The 2,462-mile Buddy Watch Walk Pier to Pier walk may have ended but their efforts at raising awareness of veterans suicide are continuing.
American Legion members John Ring and Jimmy Mathews were escorted by other veterans, including Legionnaires and American Legion Riders as they finished their adventure June 14 in Santa Monica.
“It’s been quite a journey and seeing the people who are out here, walking with us is really inspiring,” Ring said as he neared the finish line at the Santa Monica Pier. “I’m just thankful for all the support of The American Legion. I’m just really thankful for all the people in The American Legion. I encourage all younger veterans to get involved and be part of the Legion.”
Ring, a specialist in the Georgia Army National Guard’s 48th Infantry Brigade, started a solo venture Oct. 1 from Tybee Island in the Peachtree State. The goal of his mission was to raise awareness about veterans issues such as post-traumatic stress disorder, MST, homelessness and suicide. “I basically wanted to raise awareness of all these things that are leading veterans to commit suicide at a horrific rate in our country. It’s been an amazing journey.”
Jimmy Mathews, a retired master sergeant in the U.S. Army, heard of the Buddy Walk on social media and reached out to Ring. Mathews retired on Nov. 14 and joined Ring four days later in Mississippi.
The original plan was for Mathews to accompany Ring across Mississippi. But that was not enough for Mathews. During a Thanksgiving break at home, his PTSD kicked in from flashbacks and nightmares related to his service. He needed the camaraderie he felt with Ring and veterans they met on their journey.
“I decided to go with him the rest of the way because I became so inspired by these stories that we heard from veterans who were struggling with the same issues that I was dealing with,” Mathews said.
Ring got the idea for the walk based on his experiences working with veterans. “Working with veterans from all different eras, all different conflicts, I saw that their struggles among all veterans are the same.”
When he was in Montgomery, Ala., the trajectory of his journey changed dramatically. That’s when he started receiving support, first with the Department of Alabama and throughout the remainder of his journey. In fact, the final leg of his journey began with an event at American Legion Post 43 in Hollywood.
Ring recalls seeing the flags outside the Alabama headquarters building where he met with James Gillespie, the membership assistant at the department. Gillespie and Department Adjutant Greg Akers immediately helped Ring, getting him dinner, a hotel room and support from American Legion posts and members along the rest of the way of his walk.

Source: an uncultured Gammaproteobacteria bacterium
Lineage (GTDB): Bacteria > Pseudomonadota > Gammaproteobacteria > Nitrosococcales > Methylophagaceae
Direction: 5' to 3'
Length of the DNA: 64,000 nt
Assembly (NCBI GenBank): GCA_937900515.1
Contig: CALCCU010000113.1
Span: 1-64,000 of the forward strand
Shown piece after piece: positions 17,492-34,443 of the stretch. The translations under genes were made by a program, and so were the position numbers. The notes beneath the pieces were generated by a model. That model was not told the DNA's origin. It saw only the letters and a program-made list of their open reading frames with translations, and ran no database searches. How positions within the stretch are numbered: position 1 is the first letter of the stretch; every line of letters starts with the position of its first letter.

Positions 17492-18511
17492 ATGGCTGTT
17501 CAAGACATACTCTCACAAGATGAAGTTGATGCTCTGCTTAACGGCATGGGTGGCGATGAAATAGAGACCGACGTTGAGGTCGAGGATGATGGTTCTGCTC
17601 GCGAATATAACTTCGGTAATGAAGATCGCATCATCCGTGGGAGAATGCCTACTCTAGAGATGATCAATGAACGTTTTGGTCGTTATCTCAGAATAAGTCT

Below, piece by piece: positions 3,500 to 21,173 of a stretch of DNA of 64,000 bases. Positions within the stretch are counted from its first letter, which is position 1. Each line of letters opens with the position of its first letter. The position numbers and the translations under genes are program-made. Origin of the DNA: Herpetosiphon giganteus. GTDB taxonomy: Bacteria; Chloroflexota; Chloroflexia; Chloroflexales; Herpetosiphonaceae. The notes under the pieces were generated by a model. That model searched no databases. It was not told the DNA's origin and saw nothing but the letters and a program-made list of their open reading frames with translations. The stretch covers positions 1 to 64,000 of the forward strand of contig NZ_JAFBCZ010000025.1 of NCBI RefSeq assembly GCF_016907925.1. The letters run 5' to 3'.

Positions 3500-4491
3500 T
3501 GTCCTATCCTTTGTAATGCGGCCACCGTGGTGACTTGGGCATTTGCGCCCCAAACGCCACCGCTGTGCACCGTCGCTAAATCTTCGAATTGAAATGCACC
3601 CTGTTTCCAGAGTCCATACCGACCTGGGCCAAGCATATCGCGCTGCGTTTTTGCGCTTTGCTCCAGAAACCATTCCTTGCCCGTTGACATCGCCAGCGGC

“They were all very supportive … up until COVID-19,” Ring says with a laugh.
When social-distancing measures kicked in, Ring and Mathews were in New Mexico. They took a 53-day break and “waited for the country to catch up, wanted to see how everybody would respond to it.”
In that time, Ring and Mathews saw veterans continue to struggle with mental-health issues, as well as losing jobs to the pandemic. “Veterans were suffering more from what they had been so we had to get back out there,” Ring explained.
On May 11, they picked up where they left off in New Mexico, and finished in Santa Monica on June 14 — Flag Day and the Army’s birthday.
“We’ve been going coast to coast, post to post — when we could — talking to veterans, sharing our story, listening to their stories, listening to their struggles.”
As they neared the end, Mathews expressed hope that the awareness they brought to PTSD had an impact.
“Hopefully in the end we save as many lives as possible, and cut down the number of 22 veterans a day who commit suicide,” he said. “I know I have friends and comrades who reach out to me every day, saying that they are struggling. Now they reach out to me and say they appreciate what we are doing. It keeps them going and living another day.”
Looking back on his 2,462-mile walk, it’s all worth it to Ring as long as one thing happens.
“If I was able to save one veteran’s life, it’s all worth it. And I would do it all over again.”
In fact, he has another walk planned, starting in March 25, 2022. He will walk from Normandy to Berlin “to honor and remember World war II veterans. We’re starting that on the day my great uncle was KIA during World War II. It means something for my family and me, but it also means something for all of our veterans.
“We’re not going to stop. We’re not done here.”